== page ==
Student photo exhibit offers snapshot of life in foreign cultures


Featured in the exhibit, Wilkes graduate Pam Pogash’s photo showcases a children in the village of Kaya in Burkina Faso. Living in one of the poorest countries in the world, Pogash said the children greeted her study group with open arms.

Janel Naro, Assistant Arts & Entertainment Editor

The Center for Global Education and The Student International Club at Wilkes is offering students and faculty the opportunity to showcase their talent and experience of studying abroad through their photography.

“The program enables students and faculty to study abroad and interact and learn about different cultures,” Dr. Godlove Fonjweng, director of Global Education said. “The goal is to enable students to learn more about different parts of the world and be able to know what’s happening in different parts of the world.”

Fonjweng and Dr. Andrew Miller, professor of political science, provided Wilkes University students with a way to share their experience in an artistic and eye-opening way.

Twenty-four students and 10 faculty members who studied abroad in the past year were invited to participate in a photo contest featuring photographs that best captured their study-abroad environment.

“The goal of the contest was to enable other people to learn what studying abroad teaches and maybe one day go abroad as well,” Fonjweng said.

Of the 34 participants, five winners were selected, all receiving certificates. The top three earned cash prizes of $150, $100 and $50 respectively.

Those who were involved agree they did it for the experience rather than the money.

Photo contest winner Justin Balint, a p4 pharmacy student with a double major in Spanish, has had his fair share of abroad experiences, including two study abroad summers in Spain, two Alternative Spring Break service trips to the Dominican Republic and Belize, and two medical missions to Guatemala with Dean Bernard Graham of the Wilkes pharmacy school.

“I became interested in study abroad and service trips because I had a hunger to see the world around me and saw studying abroad and volunteering abroad as a great way to see the world, make a difference, and open my mind to other cultures and ways of life,” Balint said.

The picture Balint chose for the photo contest was from his Alternative Spring Break trip to the Dominican Republic with Orphanage Outreach, now called Outreach 360, in the town of Monti Cristi where he taught English in public schools and volunteered in an orphanage.

There, Balint visited the Haiti-Dominican Republic border where, for a few hours a week, the border was unrestricted so visitors from Haiti could cross to buy necessities for their families.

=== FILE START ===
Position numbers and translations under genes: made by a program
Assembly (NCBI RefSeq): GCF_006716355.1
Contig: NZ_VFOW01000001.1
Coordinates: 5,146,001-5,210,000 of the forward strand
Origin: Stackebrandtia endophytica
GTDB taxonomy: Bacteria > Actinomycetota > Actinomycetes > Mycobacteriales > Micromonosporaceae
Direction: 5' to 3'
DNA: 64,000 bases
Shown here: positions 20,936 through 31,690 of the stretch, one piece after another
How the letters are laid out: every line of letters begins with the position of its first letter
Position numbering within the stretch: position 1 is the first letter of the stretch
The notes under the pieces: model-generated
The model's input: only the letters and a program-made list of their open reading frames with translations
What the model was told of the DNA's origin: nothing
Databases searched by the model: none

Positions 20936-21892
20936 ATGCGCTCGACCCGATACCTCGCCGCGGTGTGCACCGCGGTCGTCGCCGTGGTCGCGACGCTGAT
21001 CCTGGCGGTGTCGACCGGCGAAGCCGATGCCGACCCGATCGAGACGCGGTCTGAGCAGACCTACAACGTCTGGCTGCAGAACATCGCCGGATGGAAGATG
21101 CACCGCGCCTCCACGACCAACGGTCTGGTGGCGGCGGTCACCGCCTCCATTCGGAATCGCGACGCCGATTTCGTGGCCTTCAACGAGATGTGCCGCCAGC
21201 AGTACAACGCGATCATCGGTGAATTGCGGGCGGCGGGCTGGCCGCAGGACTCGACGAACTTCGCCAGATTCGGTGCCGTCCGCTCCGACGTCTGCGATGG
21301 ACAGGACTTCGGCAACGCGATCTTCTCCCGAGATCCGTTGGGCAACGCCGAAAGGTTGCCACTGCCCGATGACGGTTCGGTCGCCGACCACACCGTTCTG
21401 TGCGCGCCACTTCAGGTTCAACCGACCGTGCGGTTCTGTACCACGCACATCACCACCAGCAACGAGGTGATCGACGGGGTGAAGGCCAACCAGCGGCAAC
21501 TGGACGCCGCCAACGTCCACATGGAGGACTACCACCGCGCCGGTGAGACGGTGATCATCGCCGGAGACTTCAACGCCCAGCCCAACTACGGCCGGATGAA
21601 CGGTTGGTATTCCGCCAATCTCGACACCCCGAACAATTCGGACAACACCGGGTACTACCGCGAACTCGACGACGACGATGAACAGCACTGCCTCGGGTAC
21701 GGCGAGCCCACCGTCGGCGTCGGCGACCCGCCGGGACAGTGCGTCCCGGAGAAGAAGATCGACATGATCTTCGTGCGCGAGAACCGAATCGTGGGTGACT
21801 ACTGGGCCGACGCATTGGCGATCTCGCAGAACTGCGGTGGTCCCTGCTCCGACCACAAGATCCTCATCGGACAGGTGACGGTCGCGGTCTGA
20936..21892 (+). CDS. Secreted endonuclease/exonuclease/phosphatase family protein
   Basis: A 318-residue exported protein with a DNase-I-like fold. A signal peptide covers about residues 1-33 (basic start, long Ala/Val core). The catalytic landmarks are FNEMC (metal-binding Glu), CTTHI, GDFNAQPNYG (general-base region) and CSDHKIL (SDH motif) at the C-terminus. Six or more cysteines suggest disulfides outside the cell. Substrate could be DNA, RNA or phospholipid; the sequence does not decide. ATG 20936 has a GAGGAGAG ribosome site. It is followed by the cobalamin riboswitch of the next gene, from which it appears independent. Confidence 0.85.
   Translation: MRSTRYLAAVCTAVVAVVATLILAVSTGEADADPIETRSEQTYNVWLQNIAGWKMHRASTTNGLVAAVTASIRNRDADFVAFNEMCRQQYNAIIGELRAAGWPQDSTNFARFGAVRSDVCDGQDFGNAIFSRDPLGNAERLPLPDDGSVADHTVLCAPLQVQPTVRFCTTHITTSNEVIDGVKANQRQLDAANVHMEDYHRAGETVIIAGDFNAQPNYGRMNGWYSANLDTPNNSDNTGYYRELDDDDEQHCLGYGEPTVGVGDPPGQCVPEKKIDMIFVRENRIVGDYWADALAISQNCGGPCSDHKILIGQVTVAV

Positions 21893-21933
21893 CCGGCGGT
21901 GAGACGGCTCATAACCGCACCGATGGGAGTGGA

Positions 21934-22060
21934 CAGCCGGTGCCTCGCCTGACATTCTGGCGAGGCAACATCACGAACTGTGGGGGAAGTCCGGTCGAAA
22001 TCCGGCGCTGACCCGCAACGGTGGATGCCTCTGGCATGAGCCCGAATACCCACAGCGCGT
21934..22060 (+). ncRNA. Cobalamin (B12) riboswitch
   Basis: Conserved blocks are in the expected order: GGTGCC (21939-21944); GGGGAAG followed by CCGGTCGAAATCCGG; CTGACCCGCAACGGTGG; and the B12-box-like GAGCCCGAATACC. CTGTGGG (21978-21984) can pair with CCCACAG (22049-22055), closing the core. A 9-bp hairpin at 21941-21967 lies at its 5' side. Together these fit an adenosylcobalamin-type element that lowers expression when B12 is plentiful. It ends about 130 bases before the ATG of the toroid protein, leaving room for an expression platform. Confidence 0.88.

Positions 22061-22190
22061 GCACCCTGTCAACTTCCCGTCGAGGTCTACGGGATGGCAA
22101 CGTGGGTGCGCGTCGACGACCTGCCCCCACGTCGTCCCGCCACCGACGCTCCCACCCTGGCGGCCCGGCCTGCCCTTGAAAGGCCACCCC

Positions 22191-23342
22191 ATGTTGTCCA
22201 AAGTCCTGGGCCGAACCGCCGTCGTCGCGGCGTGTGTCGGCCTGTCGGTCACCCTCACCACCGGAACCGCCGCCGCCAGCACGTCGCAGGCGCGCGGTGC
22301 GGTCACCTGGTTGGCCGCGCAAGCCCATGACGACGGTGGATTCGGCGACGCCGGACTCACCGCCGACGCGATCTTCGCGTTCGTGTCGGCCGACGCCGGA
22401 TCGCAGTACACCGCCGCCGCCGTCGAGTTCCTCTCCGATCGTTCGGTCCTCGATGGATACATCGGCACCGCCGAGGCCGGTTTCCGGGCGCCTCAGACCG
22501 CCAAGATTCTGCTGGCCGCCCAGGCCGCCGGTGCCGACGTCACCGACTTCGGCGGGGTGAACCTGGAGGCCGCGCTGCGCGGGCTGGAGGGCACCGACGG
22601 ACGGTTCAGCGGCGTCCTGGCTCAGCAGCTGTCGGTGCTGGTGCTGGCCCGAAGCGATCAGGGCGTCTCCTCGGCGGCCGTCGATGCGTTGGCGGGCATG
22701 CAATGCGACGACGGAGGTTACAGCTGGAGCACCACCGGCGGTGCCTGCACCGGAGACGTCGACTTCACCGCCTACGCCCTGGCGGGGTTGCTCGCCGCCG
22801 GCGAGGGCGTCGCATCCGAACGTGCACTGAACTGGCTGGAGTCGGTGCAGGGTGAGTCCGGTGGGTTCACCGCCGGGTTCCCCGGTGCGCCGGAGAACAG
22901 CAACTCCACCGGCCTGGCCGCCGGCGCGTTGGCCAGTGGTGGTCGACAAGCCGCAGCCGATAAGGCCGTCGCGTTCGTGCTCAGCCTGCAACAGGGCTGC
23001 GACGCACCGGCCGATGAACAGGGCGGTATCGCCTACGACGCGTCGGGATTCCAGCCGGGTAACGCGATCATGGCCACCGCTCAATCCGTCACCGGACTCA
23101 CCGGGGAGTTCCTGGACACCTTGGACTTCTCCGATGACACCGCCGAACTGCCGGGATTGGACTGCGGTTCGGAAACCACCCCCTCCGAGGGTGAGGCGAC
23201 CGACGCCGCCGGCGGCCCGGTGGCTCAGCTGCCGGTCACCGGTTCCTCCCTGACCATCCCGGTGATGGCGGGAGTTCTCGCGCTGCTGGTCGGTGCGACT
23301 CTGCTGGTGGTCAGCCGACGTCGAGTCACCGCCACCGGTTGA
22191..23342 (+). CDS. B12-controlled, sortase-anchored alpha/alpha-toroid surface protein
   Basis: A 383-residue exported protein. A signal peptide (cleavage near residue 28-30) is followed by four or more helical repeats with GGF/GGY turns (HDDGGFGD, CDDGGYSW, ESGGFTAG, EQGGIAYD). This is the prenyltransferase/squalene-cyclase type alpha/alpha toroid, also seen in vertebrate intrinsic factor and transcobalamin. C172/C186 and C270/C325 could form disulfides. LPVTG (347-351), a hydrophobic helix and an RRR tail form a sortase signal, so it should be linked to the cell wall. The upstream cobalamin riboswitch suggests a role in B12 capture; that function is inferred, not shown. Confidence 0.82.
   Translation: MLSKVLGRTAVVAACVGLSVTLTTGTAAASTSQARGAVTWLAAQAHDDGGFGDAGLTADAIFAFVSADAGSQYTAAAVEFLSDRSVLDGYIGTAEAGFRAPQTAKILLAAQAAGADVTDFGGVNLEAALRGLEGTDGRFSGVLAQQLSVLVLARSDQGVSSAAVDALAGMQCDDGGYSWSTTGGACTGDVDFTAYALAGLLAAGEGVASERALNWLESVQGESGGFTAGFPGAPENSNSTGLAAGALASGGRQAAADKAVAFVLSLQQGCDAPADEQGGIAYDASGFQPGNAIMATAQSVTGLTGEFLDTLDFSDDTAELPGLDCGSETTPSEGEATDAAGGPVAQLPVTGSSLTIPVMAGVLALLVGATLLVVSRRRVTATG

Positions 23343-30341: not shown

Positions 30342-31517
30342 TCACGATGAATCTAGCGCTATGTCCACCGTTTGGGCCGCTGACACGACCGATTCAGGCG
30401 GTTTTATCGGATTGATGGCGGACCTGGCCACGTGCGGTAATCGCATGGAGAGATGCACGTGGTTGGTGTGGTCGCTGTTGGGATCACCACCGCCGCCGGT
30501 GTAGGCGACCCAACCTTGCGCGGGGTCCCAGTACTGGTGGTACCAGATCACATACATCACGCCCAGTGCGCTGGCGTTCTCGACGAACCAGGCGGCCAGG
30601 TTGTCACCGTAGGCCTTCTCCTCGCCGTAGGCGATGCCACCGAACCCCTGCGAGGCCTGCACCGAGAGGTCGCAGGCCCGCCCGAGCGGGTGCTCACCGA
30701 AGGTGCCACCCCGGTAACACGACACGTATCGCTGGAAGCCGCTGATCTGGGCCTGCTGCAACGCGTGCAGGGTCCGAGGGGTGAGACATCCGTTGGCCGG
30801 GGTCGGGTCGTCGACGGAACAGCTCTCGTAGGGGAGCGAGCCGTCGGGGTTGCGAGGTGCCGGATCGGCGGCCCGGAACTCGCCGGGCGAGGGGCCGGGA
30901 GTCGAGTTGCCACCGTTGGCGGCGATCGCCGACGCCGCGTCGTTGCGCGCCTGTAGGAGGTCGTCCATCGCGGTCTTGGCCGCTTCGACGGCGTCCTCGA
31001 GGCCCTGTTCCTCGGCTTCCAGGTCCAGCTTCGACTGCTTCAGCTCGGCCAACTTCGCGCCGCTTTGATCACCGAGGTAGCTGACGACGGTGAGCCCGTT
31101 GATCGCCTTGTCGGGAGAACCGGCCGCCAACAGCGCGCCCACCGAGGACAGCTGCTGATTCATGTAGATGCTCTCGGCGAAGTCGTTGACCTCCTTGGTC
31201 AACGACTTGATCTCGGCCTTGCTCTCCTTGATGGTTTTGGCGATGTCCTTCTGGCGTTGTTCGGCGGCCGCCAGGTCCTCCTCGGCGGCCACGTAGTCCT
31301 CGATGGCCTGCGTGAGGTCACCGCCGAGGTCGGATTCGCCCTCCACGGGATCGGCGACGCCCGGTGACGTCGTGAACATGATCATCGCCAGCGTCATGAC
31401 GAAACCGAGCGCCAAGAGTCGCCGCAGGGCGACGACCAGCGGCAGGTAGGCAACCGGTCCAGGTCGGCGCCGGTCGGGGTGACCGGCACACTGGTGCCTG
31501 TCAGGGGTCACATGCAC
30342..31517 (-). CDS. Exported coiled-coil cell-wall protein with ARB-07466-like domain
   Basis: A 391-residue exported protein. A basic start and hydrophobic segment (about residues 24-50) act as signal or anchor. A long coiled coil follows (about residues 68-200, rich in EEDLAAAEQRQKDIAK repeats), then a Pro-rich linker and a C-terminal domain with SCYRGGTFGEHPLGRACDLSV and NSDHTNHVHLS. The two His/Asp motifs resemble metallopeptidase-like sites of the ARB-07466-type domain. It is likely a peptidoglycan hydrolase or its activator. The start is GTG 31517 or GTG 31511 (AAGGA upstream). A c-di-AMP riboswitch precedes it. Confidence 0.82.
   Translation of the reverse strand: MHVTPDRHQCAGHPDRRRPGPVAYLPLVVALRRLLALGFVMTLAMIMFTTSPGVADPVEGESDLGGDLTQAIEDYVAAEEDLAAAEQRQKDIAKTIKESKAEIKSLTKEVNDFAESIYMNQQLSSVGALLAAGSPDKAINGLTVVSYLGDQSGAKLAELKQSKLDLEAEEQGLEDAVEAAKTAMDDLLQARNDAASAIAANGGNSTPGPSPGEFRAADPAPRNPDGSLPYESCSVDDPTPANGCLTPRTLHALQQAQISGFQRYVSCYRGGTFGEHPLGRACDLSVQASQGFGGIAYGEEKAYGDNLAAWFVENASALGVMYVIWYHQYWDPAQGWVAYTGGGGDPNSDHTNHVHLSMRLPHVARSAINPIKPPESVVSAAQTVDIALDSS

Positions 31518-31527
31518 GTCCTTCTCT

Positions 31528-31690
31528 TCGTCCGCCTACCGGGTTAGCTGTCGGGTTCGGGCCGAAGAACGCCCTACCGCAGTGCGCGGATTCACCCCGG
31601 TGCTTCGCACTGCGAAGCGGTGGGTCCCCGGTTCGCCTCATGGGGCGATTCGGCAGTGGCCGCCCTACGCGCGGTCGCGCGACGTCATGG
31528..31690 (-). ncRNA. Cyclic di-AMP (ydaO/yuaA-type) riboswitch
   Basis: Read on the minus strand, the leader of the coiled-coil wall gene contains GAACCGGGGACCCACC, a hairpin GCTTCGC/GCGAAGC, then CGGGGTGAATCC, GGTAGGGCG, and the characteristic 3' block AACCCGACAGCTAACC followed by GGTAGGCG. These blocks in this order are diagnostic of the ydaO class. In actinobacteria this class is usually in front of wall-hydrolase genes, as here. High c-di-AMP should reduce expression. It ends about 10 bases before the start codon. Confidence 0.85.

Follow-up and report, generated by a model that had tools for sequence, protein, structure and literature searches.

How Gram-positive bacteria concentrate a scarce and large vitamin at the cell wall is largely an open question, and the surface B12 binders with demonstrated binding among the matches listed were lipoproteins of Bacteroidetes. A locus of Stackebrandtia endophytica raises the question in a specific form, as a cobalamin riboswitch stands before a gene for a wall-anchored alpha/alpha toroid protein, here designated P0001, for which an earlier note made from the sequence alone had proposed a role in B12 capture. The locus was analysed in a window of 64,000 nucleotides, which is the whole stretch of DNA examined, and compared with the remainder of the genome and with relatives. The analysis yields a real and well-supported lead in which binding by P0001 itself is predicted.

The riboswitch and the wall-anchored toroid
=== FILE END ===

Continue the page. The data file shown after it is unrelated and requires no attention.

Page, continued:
“The picture I took reflects the strife and hard life that many Haitians encounter,” Balint said.

Balint wasn’t the only one who jumped at the opportunity to be involved with the program. Pam Pogash, another photo contest winner who graduated from the Wilkes pharmacy school in 2011, chose studying abroad to fulfill one of her six pharmacy rotation requirements prior to graduating.

“I am not sure why, but as soon as I heard about this opportunity, I felt it was something I had to do,” Pogash said. “It was a once-in-a-lifetime opportunity.”

Pogash traveled to Burkina Faso, one of the poorest countries in the world, for a medical mission trip. There, in a village named Kaya, they set up a pharmacy in a bible school building. Since the only two languages spoken there are Moore and French, translators communicated with the patients and explained how the medication worked and should be taken.

“It was a complete culture shock,” Pogash recalled. “When we were there, it was the coldest week of the year for them (around) 80 (or) 90 degrees. People who could afford it were wearing thick coats and wore earmuffs. They thought it was freezing at that temperature.”

Pogash said that the children were the highlight of her trip. “They were so full of life and happy,” she said. Each day the students handed out candy, and Pogash said the children were absolutely ecstatic. They handed out flip flops and clothes to the children as well.

The photo Pogash selected for the contest is of a group of kids waving at them when their group first arrived in Kaya. Pogash, like many of the other participants, described her abroad experiences as life-changing.

“More days than not, I think about this trip and what I saw,” she said. “I am less materialistic now. I can’t really sum up how much this trip has truly changed me.”

Photographs taken by Balint and Pogash, along with the other thirty-two student and faculty members involved, can be seen at the Study Abroad Photo Exhibit currently on display at the Barnes & Noble on 7 S. Main St. until February 10.

More information here.